As it opens, we see that Standish is this barrel-chested, athletic fellow, the big man on the Pilgrim campus. Only problem is, he struggles with words, which limits his ability to woo. Enter, then, roommate Alden, the go-between who gets besotted with love for Mullins himself. Alden is a scholar, Standish a warrior type who already lost a wife. Big problem, though, is that he thinks it’s a matter of biblical course of action that Mullins should be Mrs. Miles Standish #2. Alden sees the pain his buddy is in, and despite not really agreeing with the whole “God decrees it!” perspective, he walks on up to the fair Priscilla and asks if she’ll marry his roomie.
There’s a lot of swooning in this language, declarations of friendship in rosy, verbose terms, but there’s nothing mealy-mouthed about Alden’s blunt query. It’s almost like a code conveyed via impatience, as if to say, “Look, my boy is into you, but can you see I’m dying here, busting with love, baby girl?” Okay—leave out the baby girl part. Have a guess who gets the girl? And yet, the title of the poem is what it is, a fascinating misdirection that parallels the fascinating misdirections that make up the life guts of life itself. So it goes with me, with you, and so it went with Longfellow, too.
Living in Boston, I often walk over a bridge that spans the banks of what is sometimes known here, thanks to the Standells, as the River Charles. This is the Longfellow Bridge, so named because Henry himself walked over this stretch of widening river many times in the past.
In mid-September 1841, Longfellow married Mary Storer Potter. She was his childhood friend, and their connection was deep. He struggled to get his career going, but others provided for him, even if he was pretty much just imitating Washington Irving. The president of Harvard offered him a job, for which he and his wife would leave their Maine home and come to Cambridge, provided that Longfellow broaden his knowledge of languages, and this meant a trip to Europe to study. It was there that Mary, who was six months pregnant, died.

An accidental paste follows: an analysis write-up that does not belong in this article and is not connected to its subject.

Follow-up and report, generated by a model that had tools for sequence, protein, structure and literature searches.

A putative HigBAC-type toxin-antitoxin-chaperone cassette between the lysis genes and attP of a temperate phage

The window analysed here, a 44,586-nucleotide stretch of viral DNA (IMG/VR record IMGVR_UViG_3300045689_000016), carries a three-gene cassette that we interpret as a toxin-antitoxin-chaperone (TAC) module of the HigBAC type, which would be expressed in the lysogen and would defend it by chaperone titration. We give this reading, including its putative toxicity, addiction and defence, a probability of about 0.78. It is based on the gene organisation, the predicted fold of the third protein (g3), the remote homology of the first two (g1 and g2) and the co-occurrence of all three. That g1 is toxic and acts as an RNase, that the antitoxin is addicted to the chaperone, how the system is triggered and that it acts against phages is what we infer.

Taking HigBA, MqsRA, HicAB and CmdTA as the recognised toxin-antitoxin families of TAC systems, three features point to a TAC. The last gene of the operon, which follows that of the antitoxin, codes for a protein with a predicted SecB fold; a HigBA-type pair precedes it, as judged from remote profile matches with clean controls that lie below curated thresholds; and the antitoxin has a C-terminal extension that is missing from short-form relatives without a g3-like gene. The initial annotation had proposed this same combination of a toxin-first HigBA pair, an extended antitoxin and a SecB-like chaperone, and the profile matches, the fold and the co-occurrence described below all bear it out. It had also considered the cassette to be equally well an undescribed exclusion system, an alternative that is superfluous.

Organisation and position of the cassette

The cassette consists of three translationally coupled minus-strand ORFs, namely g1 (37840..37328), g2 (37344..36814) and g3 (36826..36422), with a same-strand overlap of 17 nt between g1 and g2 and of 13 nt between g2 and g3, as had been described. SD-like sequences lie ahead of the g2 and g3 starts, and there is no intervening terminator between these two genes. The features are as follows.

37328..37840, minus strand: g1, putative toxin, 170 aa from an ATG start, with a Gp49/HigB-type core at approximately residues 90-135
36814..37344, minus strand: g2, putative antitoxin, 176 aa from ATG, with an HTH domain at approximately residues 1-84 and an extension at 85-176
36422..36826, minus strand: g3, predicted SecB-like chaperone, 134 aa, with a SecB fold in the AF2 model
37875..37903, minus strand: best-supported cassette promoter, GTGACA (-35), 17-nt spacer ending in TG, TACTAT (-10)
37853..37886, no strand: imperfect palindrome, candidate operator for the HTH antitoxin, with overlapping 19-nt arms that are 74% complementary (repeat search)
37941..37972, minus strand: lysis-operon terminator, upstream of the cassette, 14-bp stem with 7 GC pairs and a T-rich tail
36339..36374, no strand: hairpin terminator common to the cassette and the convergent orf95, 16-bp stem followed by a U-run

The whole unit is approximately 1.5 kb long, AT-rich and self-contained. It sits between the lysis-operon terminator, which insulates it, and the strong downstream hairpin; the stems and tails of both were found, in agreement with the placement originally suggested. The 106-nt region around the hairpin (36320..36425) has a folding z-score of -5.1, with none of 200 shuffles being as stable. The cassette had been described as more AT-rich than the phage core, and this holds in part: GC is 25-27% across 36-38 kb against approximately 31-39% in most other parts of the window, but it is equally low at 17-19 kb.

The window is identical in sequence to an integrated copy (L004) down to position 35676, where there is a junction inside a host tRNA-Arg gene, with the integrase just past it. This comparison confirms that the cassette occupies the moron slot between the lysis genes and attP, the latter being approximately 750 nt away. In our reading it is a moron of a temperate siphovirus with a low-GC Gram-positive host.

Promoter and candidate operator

A portion of Longfellow did as well. He was unable to compose. Alone, he came to Cambridge, lived in the former headquarters of George Washington, wrote his ass off, and eventually he was ready to try to meet someone again. This turned out to be Fanny Appleton, daughter of a wealthy Beacon Hill industrialist. If you’re not from Boston, you perhaps might not know that Beacon Hill is the tony—very tony—blue-blooded neighborhood—much the same now as it was then—that abuts the Charles on the Boston side of the river. It’s about three miles away from Harvard. What Longfellow did for seven years, until Fanny agreed to marry him, was walk across that bridge from Harvard, and walk back again.
Longfellow did a lot of other things. He was good friends with Hawthorne and Emerson. Sometimes the latter would tell him that he wasted too much time writing crap. He translated the Divine Comedy, and owning Longfellow’s version of Dante became a status symbol thing for aspirant American families. He favored the abolition of slavery, penning a fairly tepid volume of poems on the subject, which weren’t as fiery as one would like to see, but hey, he was doing a lot more than others were, which warrants some kind of credit, even if a limited one.
He was rich, he was loved, but he knew pain. In the summer of 1861, after they’d been married for about 15 years, Longfellow rushed into a room where Fanny had been putting the locks of their children’s hair into envelopes, sealing them with hot wax. The wax got on her dress, and she caught fire. Longfellow, who had been napping, threw his body upon his wife to try to put out the flames. Too late. The doctor came, she was put to bed. The next morning, she requested a bracing cup of coffee, and died.
Longfellow’s face was badly burned, so he grew the beard that was as famous in its time as that of Abraham Lincoln’s. He drank a lot of laudanum and worried that he would become insane. He was, in most ways, an entirely broken man.
Of course, the composition of The Courtship of Miles Standish predates that second tragedy, but as I read it again, it reads like the work of a man who’d throw himself upon hell fires for something he believed in or someone he loved, which is why I think he de-tyranted Standish.
Not for the rhyme, not for the easy sale, not for the glory. I think he wished to be in communion, to break mental and spiritual bread, with people who loved, like he would love, and was loving, and would, in a fashion, continue to do so when he continued on later.
I think that’s a very nice Thanksgiving thought. And if we have a national Thanksgiving poem, then let it be a work felt deeply, if rendered somewhat crudely. It’s like your relatives when you see them at the holiday, and maybe some have had a few too many pops, and it’s time to opine about politics, or what you ought to do differently in your life. They’re a bit much, but they love you. So it goes with a writer like Longfellow.